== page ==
In view of this broad and rich clinical pipeline and the current exposure to the diabetes therapy sector afforded through the planned DFU trial, Cynata will divert future activities around the currently on-hold critical limb ischemia indication toward partnering.
Dr Ross Macdonald, Cynata’s Chief Executive Officer, said:
“The execution of this new strategic partnership agreement with Fujifilm builds on a long and productive relationship between the two companies. Fujifilm Cellular Dynamics, Inc (a Fujifilm subsidiary) developed the original iPSC line used in Cynata’s Cymerus manufacturing process and we look forward to the extensive experience in cell therapy manufacture among the Fujifilm group being of significant long-term benefit to Cynata as we advance the development of our unique MSC therapeutic products. With Cynata having secured Orphan Drug Designation and regaining development and commercialisation rights to the GvHD indication we are excited to accelerate development in the important US market. This is especially so with our Cymerus technology addressing many of the complexities and challenges of manufacturing MSCs at commercial scale and with the FDA having shown its willingness to consider MSCs as a new treatment modality where the product has a scalable manufacturing process to maintain product consistency. Importantly, Fujifilm has also confirmed its strong commitment to the new product manufacturing partnership by agreeing to a further voluntary escrow over their shares in Cynata.”
Yutaka Yamaguchi, General Manager of the Life Sciences Business Division at FUJIFILM Corporation, said:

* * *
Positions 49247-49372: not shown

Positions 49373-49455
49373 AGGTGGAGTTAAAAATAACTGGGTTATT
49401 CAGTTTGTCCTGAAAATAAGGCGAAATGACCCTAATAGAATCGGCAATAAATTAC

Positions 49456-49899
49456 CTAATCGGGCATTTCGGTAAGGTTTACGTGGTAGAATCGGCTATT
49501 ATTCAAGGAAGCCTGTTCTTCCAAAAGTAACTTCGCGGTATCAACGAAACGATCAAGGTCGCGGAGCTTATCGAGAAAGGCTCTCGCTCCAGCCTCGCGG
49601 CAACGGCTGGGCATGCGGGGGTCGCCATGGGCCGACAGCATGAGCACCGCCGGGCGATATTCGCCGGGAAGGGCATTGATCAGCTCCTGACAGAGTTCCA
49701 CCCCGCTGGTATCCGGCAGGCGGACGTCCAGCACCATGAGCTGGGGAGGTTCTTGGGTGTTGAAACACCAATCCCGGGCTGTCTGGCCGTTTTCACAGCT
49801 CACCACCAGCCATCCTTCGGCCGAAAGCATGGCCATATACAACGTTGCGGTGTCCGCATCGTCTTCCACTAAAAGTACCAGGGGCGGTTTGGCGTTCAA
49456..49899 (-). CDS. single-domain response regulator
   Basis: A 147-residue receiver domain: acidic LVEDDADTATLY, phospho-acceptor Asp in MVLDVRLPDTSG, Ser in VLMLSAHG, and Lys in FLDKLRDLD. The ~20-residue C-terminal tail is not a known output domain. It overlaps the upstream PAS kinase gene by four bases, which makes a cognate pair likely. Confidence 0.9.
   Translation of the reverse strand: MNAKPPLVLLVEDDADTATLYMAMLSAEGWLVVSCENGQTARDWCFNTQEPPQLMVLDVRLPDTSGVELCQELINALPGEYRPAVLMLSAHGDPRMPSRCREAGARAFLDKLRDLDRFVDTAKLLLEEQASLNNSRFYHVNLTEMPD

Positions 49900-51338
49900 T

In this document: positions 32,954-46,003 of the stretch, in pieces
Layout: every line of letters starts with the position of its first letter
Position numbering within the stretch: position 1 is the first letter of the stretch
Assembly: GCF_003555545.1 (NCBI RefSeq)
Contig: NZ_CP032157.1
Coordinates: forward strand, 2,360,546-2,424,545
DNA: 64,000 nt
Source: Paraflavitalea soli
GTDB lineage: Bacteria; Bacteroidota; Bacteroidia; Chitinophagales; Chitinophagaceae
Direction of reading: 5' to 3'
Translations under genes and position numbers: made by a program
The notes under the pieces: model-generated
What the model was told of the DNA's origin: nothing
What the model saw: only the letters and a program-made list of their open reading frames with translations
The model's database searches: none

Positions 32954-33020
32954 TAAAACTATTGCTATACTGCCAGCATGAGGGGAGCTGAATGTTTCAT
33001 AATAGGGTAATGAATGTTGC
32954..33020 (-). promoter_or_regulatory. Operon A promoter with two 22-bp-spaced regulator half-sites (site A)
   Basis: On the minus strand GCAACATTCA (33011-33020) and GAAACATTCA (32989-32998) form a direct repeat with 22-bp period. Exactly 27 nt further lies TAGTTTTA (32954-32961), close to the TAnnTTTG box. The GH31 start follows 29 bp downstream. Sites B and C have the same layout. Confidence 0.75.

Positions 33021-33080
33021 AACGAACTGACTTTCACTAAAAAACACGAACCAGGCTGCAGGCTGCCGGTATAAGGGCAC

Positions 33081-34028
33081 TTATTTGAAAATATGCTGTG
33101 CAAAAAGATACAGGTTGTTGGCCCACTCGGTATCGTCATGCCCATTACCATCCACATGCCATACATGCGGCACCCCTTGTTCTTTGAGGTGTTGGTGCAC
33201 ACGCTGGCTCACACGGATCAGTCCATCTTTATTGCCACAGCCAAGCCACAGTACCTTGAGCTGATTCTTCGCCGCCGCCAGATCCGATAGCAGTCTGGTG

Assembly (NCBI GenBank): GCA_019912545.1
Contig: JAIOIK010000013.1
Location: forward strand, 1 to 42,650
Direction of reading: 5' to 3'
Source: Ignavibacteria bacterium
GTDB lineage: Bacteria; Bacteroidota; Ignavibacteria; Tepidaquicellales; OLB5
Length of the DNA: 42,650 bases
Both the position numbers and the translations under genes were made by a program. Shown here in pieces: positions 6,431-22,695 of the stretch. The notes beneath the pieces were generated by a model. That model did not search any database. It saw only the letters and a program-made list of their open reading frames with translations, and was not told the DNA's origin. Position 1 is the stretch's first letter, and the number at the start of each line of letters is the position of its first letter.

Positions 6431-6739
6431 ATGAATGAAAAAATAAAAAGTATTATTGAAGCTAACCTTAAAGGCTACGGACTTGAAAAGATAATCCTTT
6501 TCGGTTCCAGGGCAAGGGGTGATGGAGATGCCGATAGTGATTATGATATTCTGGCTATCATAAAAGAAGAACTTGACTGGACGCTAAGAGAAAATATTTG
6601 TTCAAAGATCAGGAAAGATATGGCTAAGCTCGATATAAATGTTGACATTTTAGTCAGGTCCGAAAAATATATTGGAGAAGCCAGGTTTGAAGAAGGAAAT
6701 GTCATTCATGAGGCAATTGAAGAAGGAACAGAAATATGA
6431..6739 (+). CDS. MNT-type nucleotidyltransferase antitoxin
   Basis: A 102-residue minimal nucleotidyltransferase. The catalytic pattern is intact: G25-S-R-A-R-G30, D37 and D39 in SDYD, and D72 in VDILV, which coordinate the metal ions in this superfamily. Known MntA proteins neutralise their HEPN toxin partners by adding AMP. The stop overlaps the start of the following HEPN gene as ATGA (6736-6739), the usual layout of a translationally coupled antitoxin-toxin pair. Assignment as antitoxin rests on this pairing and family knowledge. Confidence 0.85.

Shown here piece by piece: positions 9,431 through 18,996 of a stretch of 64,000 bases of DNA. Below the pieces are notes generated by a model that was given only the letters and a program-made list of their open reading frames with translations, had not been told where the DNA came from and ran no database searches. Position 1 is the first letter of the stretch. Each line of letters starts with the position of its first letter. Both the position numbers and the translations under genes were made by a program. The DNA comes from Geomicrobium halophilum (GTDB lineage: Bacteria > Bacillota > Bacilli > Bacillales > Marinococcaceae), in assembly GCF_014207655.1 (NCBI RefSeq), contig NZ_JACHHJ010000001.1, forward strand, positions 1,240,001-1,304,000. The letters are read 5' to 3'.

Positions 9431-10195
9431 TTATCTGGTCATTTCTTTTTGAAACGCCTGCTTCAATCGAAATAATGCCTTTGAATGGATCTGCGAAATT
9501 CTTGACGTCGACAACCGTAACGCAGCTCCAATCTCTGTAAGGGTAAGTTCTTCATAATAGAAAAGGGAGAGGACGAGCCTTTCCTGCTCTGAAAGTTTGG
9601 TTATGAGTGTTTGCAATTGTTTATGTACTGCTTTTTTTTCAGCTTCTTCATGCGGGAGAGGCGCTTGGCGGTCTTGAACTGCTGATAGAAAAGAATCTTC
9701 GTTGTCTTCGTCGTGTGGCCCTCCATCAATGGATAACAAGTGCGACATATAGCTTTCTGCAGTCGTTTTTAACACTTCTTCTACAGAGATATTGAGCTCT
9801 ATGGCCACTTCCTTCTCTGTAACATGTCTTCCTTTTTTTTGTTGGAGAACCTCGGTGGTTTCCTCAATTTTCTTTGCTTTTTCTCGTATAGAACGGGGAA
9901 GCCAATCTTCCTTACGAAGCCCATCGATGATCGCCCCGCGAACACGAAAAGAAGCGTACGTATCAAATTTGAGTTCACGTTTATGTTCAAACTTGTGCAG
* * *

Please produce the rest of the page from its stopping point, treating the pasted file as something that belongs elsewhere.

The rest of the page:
“Fujifilm has promoted development and manufacturing of cell therapies through collaborations with our partners, building on the strengths of FUJIFILM Cellular Dynamics, Inc. to produce therapeutic iPS cells in a stable and efficient way. The new strategic agreement builds on the partnership with Cynata to maximize the strengths and resources of both companies and further promote industrial application of iPS cell-derived regenerative medicine. We are confident that our significant, long-term investment in Cynata will reap rewards as it continues to meet its goals in developing the Cymerus technology.”
Authorised for release by Dr Ross Macdonald, Managing Director & CEO
About Cynata Therapeutics (ASX: CYP)
Cynata Therapeutics Limited (ASX: CYP) is an Australian clinical-stage stem cell and regenerative medicine company focused on the development of therapies based on Cymerus™, a proprietary therapeutic stem cell platform technology. Cymerus™ overcomes the challenges of other production methods by using induced pluripotent stem cells (iPSCs) and a precursor cell known as mesenchymoangioblast (MCA) to achieve economic manufacture of cell therapy products, including mesenchymal stem cells (MSCs), at commercial scale without the limitation of multiple donors.
Cynata’s lead product candidate CYP-001 met all clinical endpoints and demonstrated positive safety and efficacy data for the treatment of steroid-resistant acute graft-versus-host disease (GvHD) in a Phase 1 trial. Clinical trials of Cymerus products in osteoarthritis (Phase 3) and in patients with respiratory failure are currently ongoing. In addition, Cynata has demonstrated utility of its Cymerus technology in preclinical models of numerous diseases, including the clinical targets mentioned above, as well as asthma, heart attack, sepsis, acute respiratory distress syndrome (ARDS) and cytokine release syndrome.
Graft-versus-host disease (GvHD) is a complication that can occur after a bone marrow transplant or similar procedure, when the donor’s immune cells (from the “graft”) attack the recipient of the transplant (the “host”). The only approved treatment for GvHD is corticosteroid therapy, which is typically only effective in about 50 percent of patients. When GvHD fails to improve or worsens despite steroid treatment, patients are described as having steroid-resistant GvHD. The prognosis for these patients is poor, with mortality rates in excess of 90 percent.
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 Westin JR, Saliba RM, De Lima M, et al. Steroid-Refractory Acute GVHD: Predictors and Outcomes. Adv Hematol. 2011; 2011:601953.